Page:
“It isn’t true that Nature is mute.”, says Italian poet Eugenio Montale.
While Spanish poet Antonio Machado writes, “Wake up as much as possible.”
Literally or figuratively, take it whichever way you want. Poetry is open to as many interpretations as possible anyway. But for all of us who have have experienced awe and wonder when in nature, the poetic experience becomes more real and shared.
This is what Brooklyn-based artist Jon Cotner successfully creates in his project, Poem Forest. Set in the lush backdrop of New York Botanical Gardens, participants undertake a self-guided walk through an old-growth forest, reciting 15 lines from 2500 years of poetry from around the globe, including US, Chile, China, Germany, Greece, Italy, Portugal, Sweden.
The overwhelming message was that the poetic lines encouraged everyone to slow down, to see and sense more clearly, to inhabit the present more deeply, and to fill with enchantment.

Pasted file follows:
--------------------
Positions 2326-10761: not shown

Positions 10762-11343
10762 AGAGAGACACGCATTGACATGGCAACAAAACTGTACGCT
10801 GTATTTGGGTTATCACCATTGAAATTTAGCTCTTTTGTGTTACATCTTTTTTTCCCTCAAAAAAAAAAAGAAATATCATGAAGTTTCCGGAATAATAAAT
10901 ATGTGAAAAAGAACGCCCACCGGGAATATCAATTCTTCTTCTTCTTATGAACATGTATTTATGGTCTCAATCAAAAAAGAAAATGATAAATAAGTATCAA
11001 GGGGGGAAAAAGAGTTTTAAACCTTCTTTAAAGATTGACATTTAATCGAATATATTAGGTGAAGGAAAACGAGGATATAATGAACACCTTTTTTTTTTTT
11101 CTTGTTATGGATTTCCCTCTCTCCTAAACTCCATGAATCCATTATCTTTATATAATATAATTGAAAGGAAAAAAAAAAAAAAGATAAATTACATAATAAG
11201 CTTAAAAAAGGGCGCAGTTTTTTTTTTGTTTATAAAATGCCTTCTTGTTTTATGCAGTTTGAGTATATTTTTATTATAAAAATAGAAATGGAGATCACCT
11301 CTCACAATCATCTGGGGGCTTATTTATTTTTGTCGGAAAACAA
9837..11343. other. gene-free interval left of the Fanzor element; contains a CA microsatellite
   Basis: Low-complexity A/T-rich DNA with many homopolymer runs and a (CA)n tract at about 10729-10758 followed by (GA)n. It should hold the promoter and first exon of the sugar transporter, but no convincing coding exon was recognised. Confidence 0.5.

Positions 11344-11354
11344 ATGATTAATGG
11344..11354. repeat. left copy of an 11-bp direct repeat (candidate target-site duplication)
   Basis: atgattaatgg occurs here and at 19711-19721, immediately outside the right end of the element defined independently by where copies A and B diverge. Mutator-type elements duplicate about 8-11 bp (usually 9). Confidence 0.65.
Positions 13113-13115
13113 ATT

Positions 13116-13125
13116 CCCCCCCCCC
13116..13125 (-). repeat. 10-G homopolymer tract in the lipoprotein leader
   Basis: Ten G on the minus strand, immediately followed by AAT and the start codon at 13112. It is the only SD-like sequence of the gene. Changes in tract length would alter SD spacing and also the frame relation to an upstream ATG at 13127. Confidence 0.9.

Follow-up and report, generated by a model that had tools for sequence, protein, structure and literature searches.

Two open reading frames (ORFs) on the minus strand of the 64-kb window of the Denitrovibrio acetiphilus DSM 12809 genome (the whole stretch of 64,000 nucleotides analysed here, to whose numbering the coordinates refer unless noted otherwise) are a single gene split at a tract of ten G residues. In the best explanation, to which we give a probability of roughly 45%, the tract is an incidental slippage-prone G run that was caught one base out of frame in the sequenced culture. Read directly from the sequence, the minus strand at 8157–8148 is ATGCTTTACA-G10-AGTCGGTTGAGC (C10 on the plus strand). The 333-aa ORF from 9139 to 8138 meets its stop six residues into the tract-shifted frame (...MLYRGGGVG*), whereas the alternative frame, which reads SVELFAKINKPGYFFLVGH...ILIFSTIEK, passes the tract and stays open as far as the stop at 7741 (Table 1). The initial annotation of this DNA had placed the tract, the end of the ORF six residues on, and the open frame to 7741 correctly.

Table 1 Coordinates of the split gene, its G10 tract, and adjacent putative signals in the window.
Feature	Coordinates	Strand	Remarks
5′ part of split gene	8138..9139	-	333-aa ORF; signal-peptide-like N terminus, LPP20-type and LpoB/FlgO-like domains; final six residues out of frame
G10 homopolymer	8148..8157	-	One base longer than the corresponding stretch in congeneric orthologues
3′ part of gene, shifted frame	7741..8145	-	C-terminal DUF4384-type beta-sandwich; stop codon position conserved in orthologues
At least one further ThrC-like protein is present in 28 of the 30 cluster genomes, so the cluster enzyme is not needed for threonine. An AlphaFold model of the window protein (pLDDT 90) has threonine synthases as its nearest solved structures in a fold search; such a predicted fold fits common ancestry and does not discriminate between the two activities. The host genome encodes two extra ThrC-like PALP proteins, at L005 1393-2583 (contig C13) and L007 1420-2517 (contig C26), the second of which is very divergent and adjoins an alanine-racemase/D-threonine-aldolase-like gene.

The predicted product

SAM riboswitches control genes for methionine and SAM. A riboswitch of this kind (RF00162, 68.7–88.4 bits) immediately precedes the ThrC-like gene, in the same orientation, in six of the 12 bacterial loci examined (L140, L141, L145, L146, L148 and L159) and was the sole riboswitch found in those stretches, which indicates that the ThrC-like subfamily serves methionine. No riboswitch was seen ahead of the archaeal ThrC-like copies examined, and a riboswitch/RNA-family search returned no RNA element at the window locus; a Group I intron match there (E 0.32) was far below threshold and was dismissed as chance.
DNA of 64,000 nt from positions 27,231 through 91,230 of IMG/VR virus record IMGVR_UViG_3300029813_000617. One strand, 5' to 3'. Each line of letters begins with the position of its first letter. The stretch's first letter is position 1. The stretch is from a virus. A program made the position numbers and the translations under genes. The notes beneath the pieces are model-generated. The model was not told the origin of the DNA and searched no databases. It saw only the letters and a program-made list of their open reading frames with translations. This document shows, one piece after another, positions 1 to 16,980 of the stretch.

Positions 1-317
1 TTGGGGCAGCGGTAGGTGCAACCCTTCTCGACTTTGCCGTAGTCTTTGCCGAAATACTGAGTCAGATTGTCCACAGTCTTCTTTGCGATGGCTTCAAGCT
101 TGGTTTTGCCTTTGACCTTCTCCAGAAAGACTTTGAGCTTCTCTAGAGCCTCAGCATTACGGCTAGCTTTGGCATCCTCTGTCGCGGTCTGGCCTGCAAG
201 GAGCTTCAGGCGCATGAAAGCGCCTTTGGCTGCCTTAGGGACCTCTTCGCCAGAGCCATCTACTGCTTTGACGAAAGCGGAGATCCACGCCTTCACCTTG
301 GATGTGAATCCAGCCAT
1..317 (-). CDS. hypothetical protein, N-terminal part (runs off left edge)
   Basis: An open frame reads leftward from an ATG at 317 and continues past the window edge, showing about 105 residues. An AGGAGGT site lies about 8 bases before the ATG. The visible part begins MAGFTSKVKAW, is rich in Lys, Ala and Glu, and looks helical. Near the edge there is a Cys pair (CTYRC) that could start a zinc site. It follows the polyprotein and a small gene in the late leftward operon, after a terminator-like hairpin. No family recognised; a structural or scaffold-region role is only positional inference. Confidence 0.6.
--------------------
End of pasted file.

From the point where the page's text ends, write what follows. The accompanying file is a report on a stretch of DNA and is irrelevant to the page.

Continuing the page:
Jon Cotner describes his vision for Poem Forest:
“I’ve always felt that poetry is not an art object to be idly studied. Rather, it’s a way of life, a mode of knowing—a call to become more attentive and active. Koreans have an important proverb: “Knows his way, stops seeing.” Spanish poet Antonio Machado responds to this existential blur by advising us to “wake up as much as possible.” And before him, near the very beginnings of Greek philosophy (that moment when philosophy and poetry were still linked), Heraclitus said: “We share a world when we are awake; each sleeper is in a world of his own.”
Here’s a 72-second audio piece that features Poem Forest participants reading their favorite lines. Together the voices make a single poem inviting us to enter a path with no foreseeable end. Poem Forest is one possible beginning, a reminder to keep going.
To learn more about Jon Cotner and Poem Forest, read BMW Guggenheim Lab’s “Poem Forest: An Audiovisual Tour”.